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Thursday, February 16, 2012

GPS, gender, and finding your way

I intend to post my thoughts on the book Pink Brain, Blue Brain, and wanted to first provide some background to some earlier looks on gender differences as background. Back in 2005 I published the following piece on the differences between men and women with respect to asking for directions. The fact that many people now have access to GPS either built into their cars or on their mobile devices now allows both men and women to ascertain their route by asking a device rather than another person. However, the gender dynamics are still in effect, particularly in work situations in which women still earn less than men and in which men still hold over 90% of the  top positions.

Note: of related interest:

Why Don’t You Just Ask for Directions?     
Picture this:  You are on your way someplace that takes you through a neighborhood you don’t know.   What you read on your directions does not correspond to the streets you see in front of you.  You realize that you must have made a wrong turn.  What do you do next?  If you are a woman, odds are that you will try to call to someone or pull over in a gas station and ask for directions. But if you are a man, you will pull out a map to attempt to pinpoint your location and figure out how to get back on the road you were supposed to be on.  If you are a male driver accompanied by a woman, you may be pestered by companion as she urges you to ask someone how to go, especially if you had to check the map several times.  After numerous unsuccessful attempts to find the way on your own, you may grudgingly comply.  Who is the sensible one here, the man or the woman?  The answer is not so clear.  While the woman may succeed in getting on the right road faster by asking someone, she may also be given the wrong directions.   The man who tries to find the way himself may not always prevail, but he takes pride in not needing to turn to others for help.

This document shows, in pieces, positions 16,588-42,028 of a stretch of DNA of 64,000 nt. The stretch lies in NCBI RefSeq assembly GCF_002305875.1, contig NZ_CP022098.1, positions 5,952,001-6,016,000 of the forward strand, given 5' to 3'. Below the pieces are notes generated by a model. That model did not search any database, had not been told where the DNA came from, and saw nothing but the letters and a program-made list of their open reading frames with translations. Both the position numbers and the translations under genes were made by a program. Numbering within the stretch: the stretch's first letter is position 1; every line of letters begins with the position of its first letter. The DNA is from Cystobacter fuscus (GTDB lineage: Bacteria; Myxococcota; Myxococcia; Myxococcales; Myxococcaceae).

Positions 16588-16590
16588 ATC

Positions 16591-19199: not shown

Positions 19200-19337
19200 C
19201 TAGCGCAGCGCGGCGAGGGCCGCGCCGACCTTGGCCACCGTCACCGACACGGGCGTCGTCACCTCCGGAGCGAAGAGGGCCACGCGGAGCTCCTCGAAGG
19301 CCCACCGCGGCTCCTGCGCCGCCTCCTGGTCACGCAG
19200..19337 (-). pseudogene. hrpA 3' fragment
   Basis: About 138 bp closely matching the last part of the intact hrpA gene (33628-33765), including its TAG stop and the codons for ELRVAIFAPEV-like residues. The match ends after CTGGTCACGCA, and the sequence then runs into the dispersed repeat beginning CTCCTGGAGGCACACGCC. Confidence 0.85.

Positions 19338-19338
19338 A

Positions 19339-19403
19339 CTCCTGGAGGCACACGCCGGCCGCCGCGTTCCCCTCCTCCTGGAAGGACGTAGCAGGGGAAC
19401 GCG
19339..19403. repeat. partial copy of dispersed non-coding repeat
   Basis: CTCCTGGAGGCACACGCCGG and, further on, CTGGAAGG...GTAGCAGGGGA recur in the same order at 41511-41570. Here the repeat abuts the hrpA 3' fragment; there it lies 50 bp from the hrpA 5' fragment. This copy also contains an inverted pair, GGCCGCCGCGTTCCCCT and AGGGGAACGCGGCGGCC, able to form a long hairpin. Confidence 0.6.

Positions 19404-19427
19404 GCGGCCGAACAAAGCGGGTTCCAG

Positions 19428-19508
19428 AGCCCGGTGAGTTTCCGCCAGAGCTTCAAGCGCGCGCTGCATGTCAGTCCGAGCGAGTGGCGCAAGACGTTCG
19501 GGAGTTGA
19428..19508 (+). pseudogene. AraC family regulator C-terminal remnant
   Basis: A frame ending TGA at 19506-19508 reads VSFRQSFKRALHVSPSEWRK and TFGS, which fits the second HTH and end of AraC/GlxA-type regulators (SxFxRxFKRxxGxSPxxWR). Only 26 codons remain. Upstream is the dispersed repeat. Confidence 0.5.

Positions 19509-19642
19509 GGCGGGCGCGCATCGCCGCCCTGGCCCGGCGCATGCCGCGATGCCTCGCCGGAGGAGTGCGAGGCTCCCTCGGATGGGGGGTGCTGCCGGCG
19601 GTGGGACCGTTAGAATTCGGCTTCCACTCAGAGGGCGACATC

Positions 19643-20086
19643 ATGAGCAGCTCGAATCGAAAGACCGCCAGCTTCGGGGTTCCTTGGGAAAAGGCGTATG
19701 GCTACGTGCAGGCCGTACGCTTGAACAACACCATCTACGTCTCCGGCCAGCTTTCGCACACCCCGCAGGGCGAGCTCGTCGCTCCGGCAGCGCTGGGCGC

The stereotype that men never want to ask for directions is one that is well founded.  In her book, Talking from 9 to 5 (New York:  William Morrow and Co., 1994), Dr. Deborah Tannen recounts the story of one man’s refusal to admit he was lost, even when there was a real threat to his life and that of his daughter.   He was flying a private plane that was running out of gas and didn’t know exactly where the landing strip in the area was.  His daughter urgently called out, “’Daddy!  Why don’t you radio the control tower and ask them where to land?’” Of course, she meant that he should do just that but did not want to command her father.  Yet, he answered the question she expressed, saying, “’I don’t want them to think I’m lost’” (Tannen,Talking.25). 
While that is an extreme example, it is telling of the lengths men will go to maintain the appearance of being in control of the situation.  Yes, men do prove more adept at the spatial skills involved in using maps and more inclined to taking stock of their position with respect to compass points than women.  It is also true that women generally identify better with verbal directives than visual-spatial ones.  However, the difference in approach between men and women is not just due to gender differences in skills.   As Tannen explains, men’s refusal to ask directions stems from their concern to maintain their image as capable and independent drivers.  Asking for assistance undermines their status as self-sufficient individuals.   In contrast, women in the same situation prove to be only concerned with getting to their destination.  As women, generally, do not feel they have to prove themselves as navigators, they do not hesitate to seek assistance from others to attain their goal.